Overall I liked this book a lot. To be honest the main topic (a mother having her son ripped away from her without a word or a clue) made me a bit sick to my stomach. I can’t even imagine the hopelessness and the pain that must have been unbearable for Violet’s character. The author did a great job of capturing this I thought but that piece of it is difficult for the reader to live through Violet’s eyes but necessary to the story. This was an incredibly intense novel that had my heart pounding for most of the novel. The author did an amazing job of building tension and creating drama, revealing secrets at just the right time and adding in perfect plot twists. At the end I still felt so bad for everyone involved but man it was a wild ride. I would definitely recommend this book, this one is going to be a must read for the summer!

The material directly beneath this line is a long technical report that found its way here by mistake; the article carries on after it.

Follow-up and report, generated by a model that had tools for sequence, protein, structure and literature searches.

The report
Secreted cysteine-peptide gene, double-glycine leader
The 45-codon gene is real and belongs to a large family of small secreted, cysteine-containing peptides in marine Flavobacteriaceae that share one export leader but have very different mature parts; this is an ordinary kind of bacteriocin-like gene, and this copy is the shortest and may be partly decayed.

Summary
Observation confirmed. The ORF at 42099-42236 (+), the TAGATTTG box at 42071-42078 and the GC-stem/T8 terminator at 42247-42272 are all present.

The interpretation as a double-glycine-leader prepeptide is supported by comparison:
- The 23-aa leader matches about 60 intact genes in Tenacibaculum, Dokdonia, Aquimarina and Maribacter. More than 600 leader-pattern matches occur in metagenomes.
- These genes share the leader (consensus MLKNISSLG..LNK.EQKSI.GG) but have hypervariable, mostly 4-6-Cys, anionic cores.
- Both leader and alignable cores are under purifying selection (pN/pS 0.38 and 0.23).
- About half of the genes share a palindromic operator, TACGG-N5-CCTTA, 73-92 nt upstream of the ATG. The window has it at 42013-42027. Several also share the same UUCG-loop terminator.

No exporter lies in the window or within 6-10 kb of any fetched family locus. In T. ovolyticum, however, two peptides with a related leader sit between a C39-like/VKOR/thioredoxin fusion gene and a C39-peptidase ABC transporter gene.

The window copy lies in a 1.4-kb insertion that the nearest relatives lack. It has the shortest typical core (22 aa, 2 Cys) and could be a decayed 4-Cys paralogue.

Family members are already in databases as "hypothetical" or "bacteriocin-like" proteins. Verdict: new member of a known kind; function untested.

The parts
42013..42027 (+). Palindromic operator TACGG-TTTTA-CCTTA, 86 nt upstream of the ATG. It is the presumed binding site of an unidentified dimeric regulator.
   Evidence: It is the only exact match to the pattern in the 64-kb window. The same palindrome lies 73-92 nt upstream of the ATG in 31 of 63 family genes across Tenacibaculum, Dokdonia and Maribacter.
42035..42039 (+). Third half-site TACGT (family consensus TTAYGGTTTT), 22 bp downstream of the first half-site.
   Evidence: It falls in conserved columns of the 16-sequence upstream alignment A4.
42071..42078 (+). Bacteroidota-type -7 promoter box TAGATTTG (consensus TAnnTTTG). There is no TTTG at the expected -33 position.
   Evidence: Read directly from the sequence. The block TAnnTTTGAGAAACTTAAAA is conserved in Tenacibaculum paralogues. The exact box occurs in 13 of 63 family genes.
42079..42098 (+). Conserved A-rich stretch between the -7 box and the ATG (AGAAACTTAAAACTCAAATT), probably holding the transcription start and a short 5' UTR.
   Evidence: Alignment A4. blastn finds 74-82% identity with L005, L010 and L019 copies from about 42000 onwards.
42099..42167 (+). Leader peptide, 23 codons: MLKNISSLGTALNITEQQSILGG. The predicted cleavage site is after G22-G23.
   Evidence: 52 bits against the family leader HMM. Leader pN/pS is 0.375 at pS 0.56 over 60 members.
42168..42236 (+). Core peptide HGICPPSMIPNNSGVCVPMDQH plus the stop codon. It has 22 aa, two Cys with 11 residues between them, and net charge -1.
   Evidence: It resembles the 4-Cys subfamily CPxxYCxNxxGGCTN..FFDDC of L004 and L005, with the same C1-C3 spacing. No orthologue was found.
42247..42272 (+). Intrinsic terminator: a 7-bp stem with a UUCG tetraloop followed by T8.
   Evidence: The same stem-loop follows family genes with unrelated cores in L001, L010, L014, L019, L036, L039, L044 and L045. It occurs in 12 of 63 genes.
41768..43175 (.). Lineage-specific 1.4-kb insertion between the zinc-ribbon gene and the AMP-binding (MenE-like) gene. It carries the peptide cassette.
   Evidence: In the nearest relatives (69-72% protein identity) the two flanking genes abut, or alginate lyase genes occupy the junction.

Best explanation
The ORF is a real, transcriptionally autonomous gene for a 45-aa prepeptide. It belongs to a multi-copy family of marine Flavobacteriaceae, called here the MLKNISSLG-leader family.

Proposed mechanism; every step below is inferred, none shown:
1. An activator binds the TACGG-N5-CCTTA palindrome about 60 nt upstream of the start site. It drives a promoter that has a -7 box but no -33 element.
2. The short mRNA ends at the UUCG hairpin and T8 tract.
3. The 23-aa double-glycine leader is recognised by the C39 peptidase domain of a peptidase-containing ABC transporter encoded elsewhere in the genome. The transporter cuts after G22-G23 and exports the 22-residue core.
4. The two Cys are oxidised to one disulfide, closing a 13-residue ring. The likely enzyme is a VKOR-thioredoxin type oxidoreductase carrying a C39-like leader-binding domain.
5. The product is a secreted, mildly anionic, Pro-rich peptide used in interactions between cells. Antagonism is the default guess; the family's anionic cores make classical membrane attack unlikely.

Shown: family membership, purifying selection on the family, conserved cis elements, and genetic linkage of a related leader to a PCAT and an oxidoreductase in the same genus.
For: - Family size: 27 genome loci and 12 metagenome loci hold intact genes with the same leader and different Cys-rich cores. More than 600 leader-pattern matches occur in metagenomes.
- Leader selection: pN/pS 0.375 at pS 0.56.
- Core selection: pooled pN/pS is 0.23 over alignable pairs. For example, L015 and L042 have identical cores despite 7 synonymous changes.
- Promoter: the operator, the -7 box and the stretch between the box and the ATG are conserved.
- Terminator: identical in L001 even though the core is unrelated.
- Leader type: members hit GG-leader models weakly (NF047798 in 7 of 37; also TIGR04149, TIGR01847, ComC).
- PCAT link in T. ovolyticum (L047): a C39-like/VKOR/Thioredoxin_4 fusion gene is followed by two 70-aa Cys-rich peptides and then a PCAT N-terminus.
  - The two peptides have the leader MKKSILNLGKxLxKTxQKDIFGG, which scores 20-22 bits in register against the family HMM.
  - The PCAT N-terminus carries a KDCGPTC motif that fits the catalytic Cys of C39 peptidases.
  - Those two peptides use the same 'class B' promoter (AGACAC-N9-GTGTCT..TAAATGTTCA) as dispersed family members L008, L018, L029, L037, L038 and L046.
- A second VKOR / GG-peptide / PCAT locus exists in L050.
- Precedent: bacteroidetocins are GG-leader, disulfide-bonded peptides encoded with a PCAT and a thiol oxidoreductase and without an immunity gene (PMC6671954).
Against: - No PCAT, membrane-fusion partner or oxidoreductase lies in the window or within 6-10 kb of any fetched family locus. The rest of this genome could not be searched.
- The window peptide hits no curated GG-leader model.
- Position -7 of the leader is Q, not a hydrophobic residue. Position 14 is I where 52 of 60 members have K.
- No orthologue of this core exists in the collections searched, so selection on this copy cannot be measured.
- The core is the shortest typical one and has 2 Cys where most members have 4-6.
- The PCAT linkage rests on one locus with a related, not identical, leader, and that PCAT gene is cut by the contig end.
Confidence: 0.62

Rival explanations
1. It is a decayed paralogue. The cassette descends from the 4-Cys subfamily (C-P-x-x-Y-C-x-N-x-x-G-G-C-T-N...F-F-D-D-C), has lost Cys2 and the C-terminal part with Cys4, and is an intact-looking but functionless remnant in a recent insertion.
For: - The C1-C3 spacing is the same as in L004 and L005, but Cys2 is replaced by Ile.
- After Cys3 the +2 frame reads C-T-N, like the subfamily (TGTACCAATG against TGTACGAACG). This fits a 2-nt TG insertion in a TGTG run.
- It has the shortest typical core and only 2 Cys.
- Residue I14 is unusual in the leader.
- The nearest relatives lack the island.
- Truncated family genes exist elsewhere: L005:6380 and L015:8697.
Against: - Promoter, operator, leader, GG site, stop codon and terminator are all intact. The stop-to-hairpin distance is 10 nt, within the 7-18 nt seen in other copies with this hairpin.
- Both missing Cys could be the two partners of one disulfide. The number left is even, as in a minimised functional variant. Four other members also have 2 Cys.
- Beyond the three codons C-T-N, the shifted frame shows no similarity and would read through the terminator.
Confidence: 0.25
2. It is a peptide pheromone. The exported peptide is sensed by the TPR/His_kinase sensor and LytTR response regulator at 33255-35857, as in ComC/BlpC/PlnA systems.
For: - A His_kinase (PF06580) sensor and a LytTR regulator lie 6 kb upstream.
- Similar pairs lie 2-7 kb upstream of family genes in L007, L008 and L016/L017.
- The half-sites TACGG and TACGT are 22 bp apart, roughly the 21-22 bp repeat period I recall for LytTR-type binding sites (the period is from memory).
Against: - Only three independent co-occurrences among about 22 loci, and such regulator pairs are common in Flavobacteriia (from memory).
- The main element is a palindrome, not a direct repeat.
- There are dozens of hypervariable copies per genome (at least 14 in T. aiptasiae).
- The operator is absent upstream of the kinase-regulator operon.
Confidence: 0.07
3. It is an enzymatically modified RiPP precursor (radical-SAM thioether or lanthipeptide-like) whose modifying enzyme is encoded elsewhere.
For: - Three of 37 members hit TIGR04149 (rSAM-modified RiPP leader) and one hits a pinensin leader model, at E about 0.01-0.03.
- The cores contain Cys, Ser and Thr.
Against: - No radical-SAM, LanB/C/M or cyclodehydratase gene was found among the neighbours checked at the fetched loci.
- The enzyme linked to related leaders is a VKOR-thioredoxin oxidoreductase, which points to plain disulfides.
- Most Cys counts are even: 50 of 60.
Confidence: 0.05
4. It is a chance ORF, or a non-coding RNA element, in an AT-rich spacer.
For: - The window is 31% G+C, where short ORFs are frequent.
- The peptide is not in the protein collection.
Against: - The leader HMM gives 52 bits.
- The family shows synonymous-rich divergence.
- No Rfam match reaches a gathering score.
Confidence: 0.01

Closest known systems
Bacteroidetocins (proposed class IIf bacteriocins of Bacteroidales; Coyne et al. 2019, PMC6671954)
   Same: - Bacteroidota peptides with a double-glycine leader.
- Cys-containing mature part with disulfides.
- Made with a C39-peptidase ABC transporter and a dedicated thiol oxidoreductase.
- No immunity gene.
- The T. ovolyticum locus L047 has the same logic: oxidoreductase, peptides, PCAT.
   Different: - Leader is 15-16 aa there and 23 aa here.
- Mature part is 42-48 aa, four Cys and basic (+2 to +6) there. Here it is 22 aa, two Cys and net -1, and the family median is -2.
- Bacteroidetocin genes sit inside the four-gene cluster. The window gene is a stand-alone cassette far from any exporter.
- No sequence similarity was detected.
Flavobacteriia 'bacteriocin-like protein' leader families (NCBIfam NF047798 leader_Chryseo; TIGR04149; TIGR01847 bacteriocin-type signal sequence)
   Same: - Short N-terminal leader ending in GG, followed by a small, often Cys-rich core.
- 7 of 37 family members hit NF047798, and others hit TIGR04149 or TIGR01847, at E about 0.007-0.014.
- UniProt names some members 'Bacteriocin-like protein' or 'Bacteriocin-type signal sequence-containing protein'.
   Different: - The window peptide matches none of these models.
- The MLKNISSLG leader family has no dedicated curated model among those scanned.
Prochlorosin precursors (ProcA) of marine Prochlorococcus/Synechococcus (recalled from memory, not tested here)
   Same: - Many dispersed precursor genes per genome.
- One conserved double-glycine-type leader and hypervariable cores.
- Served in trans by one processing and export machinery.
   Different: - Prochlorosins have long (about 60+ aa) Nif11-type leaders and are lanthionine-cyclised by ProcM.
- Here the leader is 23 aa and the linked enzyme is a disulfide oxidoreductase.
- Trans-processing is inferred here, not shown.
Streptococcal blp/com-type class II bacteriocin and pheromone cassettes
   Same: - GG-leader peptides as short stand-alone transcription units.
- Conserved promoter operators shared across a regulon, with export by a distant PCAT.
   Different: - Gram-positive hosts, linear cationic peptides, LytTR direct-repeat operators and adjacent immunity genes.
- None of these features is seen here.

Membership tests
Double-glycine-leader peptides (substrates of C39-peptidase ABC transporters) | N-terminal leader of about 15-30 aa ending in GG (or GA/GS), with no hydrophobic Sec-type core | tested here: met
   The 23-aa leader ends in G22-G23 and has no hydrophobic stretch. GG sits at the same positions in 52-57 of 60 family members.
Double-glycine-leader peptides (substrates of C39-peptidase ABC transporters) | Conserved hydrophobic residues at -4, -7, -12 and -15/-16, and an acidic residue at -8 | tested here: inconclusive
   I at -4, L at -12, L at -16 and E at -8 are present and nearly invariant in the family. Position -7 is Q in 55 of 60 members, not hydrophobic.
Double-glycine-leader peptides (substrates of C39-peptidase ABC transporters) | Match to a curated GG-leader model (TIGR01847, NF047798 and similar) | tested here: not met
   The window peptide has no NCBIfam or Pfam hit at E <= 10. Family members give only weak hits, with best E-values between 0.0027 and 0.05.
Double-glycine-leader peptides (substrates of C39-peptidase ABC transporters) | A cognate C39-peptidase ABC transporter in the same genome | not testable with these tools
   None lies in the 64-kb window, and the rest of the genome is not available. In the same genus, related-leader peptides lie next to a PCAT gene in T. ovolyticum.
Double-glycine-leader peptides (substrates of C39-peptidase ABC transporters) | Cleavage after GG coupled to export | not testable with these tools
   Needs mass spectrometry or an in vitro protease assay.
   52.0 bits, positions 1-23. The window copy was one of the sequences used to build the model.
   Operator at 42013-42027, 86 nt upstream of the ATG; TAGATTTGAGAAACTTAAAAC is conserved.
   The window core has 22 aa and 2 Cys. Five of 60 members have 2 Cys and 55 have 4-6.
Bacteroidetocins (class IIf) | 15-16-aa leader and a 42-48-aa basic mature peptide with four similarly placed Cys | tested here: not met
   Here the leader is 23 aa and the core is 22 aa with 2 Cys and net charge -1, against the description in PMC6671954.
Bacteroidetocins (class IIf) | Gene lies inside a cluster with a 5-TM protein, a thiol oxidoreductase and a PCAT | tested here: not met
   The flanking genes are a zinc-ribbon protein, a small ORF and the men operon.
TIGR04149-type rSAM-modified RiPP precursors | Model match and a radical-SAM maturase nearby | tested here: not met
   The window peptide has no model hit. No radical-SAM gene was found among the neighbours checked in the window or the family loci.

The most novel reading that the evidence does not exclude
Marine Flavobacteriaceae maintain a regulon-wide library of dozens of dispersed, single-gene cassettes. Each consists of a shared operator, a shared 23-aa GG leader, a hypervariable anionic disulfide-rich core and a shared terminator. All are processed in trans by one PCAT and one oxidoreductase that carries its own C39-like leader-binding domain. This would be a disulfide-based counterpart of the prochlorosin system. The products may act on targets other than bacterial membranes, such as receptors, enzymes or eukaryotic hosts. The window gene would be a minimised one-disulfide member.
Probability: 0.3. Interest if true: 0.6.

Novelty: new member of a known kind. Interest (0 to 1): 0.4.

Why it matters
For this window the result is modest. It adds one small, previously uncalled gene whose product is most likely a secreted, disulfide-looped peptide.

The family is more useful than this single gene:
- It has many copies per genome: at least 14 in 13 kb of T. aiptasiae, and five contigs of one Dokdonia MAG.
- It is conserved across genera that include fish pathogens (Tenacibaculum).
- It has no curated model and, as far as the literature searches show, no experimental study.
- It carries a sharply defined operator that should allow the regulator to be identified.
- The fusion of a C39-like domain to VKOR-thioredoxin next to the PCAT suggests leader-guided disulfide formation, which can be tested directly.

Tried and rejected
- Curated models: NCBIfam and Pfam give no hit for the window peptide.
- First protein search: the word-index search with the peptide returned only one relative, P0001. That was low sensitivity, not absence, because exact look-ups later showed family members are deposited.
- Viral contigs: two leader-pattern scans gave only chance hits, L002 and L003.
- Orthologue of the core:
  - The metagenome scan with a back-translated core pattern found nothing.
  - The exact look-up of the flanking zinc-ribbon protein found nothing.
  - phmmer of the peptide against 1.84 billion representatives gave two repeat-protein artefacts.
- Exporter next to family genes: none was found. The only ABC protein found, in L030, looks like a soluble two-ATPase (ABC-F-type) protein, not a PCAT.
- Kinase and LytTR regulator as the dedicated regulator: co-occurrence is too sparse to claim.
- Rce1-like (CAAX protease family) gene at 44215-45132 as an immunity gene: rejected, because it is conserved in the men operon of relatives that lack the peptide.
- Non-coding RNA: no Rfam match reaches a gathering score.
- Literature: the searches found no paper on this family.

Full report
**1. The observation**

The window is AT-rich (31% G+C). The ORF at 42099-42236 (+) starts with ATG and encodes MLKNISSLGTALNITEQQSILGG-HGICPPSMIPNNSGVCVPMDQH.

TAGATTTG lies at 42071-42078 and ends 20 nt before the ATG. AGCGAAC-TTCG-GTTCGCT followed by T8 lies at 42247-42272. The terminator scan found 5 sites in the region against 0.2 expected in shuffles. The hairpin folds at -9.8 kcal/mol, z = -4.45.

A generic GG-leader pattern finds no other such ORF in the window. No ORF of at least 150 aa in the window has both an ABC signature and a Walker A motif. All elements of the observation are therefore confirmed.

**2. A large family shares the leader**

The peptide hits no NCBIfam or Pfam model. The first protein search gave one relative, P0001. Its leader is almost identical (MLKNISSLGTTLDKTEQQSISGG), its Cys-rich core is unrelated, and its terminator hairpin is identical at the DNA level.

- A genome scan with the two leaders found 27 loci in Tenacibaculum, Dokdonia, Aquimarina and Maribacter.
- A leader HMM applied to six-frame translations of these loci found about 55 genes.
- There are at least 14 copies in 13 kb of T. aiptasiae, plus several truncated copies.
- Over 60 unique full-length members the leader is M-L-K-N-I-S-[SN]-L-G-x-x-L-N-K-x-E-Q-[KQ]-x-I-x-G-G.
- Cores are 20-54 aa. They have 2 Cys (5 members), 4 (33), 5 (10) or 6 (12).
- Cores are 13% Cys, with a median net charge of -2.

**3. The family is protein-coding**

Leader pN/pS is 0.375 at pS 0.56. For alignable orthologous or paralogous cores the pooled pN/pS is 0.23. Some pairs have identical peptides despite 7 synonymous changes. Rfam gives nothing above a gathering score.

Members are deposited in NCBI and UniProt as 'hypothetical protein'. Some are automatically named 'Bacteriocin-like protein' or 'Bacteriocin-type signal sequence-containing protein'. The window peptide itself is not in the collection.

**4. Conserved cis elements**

The bottom line: Wow this was definitely an intense book. I liked it a lot but at the same time I hated how sad it was. This one is definitely a must-read though!!

Link to author website

Click on the cover to go to the book’s Amazon page

2015 Book #64 – Whiskey & Charlie by Annabel Smith

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Title: Whiskey & Charlie
Author: Annabel Smith
Date finished: 6/27/15
Genre:  Fiction
Publisher: Sourcebooks Landmark
Publication Date: April 7, 2015
Pages in book: 317
Stand alone or series: Stand alone
Where I got the book from: Terryville Public Library

Blurb from the cover:

A captivating debut novel of brothers who have drifted apart and the accident that will determine their future, by an unforgettable new voice in fiction.